In a tweet on Monday, DGAC director Francis Argueta said there was no opening date and the airport would open at “the right time.” 

At the end of June, Guatemalan aviation authorities issued a NOTAM (Notice to Airmen) saying the airport would open August 15. The DGAC and Argueta’s tweet make an August 15 reopening doubtful.

AGLA (the Guatemalan Airlines Association) has expressed concern. AGLA director Motty Rodas called the uncertainty “unfortunate”. He also said aviation was vital for Guatemala’s economy and commercial flights are ready to start again when the government “considers it pertinent.”

But on Monday, President Giammattei said he sees the reopening of Guatemala’s borders as “impossible” in the short-term. Motty Rodas might be waiting a while.

Domestic tourism is also taking a hit in Guatemala.

Although hotels and restaurants can open, it hardly seems worth it with most of Guatemala in red and orange-alerts.

A hotel in a red or orange-alert municipality, for example, can open in the most limited of ways. Social/common areas must remain closed. Guests must eat in their rooms, or at outside tables with severe social distancing. Many hotels don’t have the space or facilities for that.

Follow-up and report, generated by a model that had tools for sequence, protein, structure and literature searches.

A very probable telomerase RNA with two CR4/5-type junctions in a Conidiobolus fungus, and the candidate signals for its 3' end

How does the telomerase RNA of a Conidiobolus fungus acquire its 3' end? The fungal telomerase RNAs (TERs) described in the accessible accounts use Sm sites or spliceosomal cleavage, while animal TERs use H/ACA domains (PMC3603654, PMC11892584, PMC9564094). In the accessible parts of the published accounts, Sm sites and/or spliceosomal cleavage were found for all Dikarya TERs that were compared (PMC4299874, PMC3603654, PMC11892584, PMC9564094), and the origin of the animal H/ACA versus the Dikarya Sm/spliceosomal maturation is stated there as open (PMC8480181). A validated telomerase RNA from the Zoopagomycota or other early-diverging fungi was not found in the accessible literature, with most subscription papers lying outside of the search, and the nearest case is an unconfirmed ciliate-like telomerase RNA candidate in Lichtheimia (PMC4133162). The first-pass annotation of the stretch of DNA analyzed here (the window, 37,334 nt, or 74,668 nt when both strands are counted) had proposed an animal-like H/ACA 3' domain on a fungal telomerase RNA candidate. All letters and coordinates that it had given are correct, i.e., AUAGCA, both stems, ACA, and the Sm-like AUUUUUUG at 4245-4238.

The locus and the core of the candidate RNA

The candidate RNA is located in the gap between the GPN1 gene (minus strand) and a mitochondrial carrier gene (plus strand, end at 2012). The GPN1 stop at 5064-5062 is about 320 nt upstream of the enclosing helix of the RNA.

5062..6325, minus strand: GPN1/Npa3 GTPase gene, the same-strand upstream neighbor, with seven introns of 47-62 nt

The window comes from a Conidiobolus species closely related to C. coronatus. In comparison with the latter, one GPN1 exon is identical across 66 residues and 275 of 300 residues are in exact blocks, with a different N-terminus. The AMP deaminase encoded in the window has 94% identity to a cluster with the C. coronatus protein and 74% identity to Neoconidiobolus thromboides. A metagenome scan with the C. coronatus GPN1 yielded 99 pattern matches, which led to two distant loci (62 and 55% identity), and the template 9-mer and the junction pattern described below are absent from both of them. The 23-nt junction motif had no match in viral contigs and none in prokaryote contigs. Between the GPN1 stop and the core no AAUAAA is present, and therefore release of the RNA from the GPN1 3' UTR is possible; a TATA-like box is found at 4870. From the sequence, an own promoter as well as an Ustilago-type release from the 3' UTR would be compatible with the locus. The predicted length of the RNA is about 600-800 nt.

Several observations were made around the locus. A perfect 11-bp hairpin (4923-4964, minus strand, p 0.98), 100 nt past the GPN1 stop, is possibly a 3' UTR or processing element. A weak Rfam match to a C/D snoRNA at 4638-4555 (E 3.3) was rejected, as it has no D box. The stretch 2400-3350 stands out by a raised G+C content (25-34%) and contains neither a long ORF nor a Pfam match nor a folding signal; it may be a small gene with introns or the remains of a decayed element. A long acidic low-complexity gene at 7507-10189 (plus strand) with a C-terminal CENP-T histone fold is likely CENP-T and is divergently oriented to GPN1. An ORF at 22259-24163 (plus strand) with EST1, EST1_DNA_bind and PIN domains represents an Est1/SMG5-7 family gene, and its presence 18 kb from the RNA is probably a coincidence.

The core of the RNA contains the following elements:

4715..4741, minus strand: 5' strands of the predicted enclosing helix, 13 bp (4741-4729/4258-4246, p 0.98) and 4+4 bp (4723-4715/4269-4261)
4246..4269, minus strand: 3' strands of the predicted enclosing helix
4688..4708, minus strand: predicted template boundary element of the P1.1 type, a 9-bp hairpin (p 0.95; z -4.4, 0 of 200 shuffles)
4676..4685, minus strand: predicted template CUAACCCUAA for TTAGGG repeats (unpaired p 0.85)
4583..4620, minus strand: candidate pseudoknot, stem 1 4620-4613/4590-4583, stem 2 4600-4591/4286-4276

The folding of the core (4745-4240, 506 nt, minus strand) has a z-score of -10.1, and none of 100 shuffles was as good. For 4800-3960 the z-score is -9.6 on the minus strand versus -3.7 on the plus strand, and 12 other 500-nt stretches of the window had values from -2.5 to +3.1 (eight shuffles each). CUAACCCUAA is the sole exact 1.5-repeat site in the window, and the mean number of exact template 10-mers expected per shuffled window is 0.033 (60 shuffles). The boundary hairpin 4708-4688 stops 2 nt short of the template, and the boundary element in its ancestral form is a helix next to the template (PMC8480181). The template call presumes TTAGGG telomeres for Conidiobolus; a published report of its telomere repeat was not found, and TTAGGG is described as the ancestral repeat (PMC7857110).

Parks, beaches, and other tourists centers remain closed in red-alert zones. Orange-alert zones are a little more open. Not much more, though, and the social distancing rules are strict.

With all this in mind, the Guatemalan Tourist Board Inguat have abandoned their plans to reopen domestic tourism on August 15.

Tourism was first scheduled to reopen on July 15. But since then, an increase in COVID-19 cases forced the government to backtrack a month. Then the idea was to combine domestic tourism and international tourism on August 15.

Now, like the airport reopening, that’s not happening. Instead, Inguat say they’ll open domestic tourism on a more casual basis. It will open municipality by municipality, like the rest of Guatemala.

Inguat director Mynor Cordon says reopening domestic tourism is dependent on each municipality.

He said Inguat was ready to reopen tourism but the conditions “were not met,” referring to the amount of orange and red-alert zones in Guatemala.

Despite the doom and gloom, Guatemala is taking a step in the right direction.                                                                                                      

It’s doing its best to open up and save its economy from outright collapse. And at this stage, to be frank, Guatemala doesn’t really have a choice.

But while COVID-19 cases spiral, even after four months of strict lockdown, it’s hard to see a clear path out for Central America’s largest economy. It’s stuck in a nightmarish space with a sharp jagged rock on one side and a cold hard place on the other. And in Central America, Guatemala is hardly alone.

Related Stories:

Should the Guatemalan Economy Reopen on July 27 or Not?
As COVID Cases Spike, Guatemala’s Economy Hangs in the Balance
Is it too Late to Save Guatemala Tourism?

James Dyde is the editor of He lives in Escazu, Costa Rica.